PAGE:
During the postgame handshakes after New Orleans won, Towe slapped Moser’s hand away. In seconds, all the players and the assistant coaches joined in the fracas. The slap gave way to shoves. There was almost certainly more profane language.
“It got a little heated,” recalled Chris Peterson, the former athletic director at Arkansas-Little Rock and Moser’s boss at the time.
Credit Bill Haber/Associated Press
Order was eventually restored, but the hard feelings lingered.
The next season, New Orleans traveled to Little Rock, where the local news media whipped up fans by retelling the story about Towe and the previous year’s incident. At some point late in the first half, Towe noticed that his black sports coat, which he had draped over the back of his chair as he usually did during games, was missing.
“Apparently, with no part on my part, he had taken off his sport jacket and put it on his thing, all he had was a T-shirt,” Moser said, “and somebody walked by, grabbed it, took it.”
Just before the second half began, and with the jacket still nowhere in sight, Towe approached Peterson in the stands and told him, in a stern tone, that someone had stolen his sport coat.
According to Towe, Peterson was not overly sympathetic. “He said, ‘Don’t worry about it, just coach your team,’” Towe said.
A little over an hour later, the Privateers packed up to head back to New Orleans — without a win, and without Towe’s jacket. Once they got back on campus, Towe and his staff quickly set to work scanning a videotape of the game, not so much to see who missed their box-out assignments, but to find evidence of what happened to the missing sport coat.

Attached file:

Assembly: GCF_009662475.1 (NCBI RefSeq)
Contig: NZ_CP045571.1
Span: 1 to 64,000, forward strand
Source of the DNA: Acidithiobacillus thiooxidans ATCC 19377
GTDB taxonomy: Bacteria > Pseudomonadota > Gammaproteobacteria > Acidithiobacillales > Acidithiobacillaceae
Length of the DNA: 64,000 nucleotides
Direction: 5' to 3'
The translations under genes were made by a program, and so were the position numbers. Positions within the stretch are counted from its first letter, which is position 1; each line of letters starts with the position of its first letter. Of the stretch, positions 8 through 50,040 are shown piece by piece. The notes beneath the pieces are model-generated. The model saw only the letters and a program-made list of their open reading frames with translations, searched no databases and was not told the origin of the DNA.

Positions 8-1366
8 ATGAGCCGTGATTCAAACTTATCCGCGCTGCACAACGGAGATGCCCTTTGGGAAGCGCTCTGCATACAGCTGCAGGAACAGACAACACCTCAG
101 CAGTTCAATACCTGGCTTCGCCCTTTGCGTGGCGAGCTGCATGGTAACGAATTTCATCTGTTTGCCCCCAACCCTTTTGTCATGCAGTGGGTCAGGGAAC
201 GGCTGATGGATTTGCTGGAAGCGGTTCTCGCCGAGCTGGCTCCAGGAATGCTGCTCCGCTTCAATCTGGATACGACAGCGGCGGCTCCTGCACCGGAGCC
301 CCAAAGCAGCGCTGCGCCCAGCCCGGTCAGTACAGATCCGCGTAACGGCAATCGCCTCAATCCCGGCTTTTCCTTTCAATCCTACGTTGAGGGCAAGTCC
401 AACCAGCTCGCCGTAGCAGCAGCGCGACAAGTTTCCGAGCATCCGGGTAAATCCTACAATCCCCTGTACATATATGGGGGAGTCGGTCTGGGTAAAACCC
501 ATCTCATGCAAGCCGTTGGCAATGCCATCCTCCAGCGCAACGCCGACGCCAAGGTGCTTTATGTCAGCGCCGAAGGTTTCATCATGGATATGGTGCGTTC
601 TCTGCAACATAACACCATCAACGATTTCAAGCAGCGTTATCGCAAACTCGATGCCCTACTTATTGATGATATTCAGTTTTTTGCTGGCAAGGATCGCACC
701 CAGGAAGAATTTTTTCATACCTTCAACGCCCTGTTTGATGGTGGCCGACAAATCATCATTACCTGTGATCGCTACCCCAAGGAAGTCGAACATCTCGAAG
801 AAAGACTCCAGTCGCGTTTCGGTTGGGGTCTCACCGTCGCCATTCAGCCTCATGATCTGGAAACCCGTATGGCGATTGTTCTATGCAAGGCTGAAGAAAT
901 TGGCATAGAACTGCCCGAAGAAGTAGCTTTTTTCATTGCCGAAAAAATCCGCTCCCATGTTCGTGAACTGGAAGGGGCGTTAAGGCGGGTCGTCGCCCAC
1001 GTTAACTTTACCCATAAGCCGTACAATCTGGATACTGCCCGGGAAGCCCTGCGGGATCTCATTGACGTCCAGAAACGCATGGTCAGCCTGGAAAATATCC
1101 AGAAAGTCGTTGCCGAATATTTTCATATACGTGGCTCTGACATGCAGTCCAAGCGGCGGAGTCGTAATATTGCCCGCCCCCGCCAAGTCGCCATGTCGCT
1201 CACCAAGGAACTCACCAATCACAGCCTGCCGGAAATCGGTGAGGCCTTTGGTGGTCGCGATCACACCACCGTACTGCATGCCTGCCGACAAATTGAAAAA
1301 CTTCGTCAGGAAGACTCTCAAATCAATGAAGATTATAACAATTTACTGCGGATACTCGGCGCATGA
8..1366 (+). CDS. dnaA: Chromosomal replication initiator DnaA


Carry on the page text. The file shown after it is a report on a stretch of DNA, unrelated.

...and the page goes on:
A man sitting behind the New Orleans bench quickly raised their suspicions. Sure enough, on one sequence up the court the jacket was on Towe’s chair. But when the ball came back the other way and the camera scanned the bench, it was gone. “We never saw the guy actually take it,” Towe said, laughing at the memory, “but what we saw later confirmed our suspicions.”
What they saw, Towe said, was that when the game ended, Moser went straight over to the prime suspect behind Towe’s seat and shook his hand. The man had opportunity and motive, and in the New Orleans basketball offices, that handshake proved Moser’s complicity.
Towe called Peterson. “Not only did it happen,” he told Moser’s boss, “we have it on tape.”
Moser has his own theory. On Thursday, he said a radio station that had stirred up the fans ahead of the New Orleans game had been behind the theft — “The radio station was trying to auction off ‘I got Monte Towe’s sports jacket.’”
Peterson appeased Towe by promising an investigation, and he quickly solved the caper. But it got worse: somehow the jacket had ended up in a Little Rock fraternity house, where the members had urinated on it. “The frat boys apparently had a good time with that jacket,” Peterson said.
Peterson recovered the defiled jacket, had it dry cleaned and sent it back to Towe along with an apology and a $150 gift certificate to a New Orleans restaurant. The commissioner of the Sun Belt conference even intervened, ordering both coaches to write emails promising to end it there. According to Peterson, the emails were exceedingly brief, but the peace held.
Moser left Little Rock after the season (not because of the incident, Peterson said) to coach at Illinois State and then went to St. Louis as an assistant before moving to Loyola. The Ramblers play Michigan in a national semifinal on Saturday. “Moser did a great job there and he’s doing a great job now,” Towe said. “I hope they win.”
Towe coached at New Orleans until 2006, then worked as an assistant at his alma mater, North Carolina State, and Middle Tennessee State before retiring. These days he plays a lot of tennis and golf and serves as a coach at Oak Hall High School in Gainesville, Fla.
He remembered taking his wife for a nice dinner to the Palace Café, on Peterson’s dime. But whatever happened to Exhibit A?
“I wore it the next game,” Towe said. “They have good dry cleaners in Little Rock.”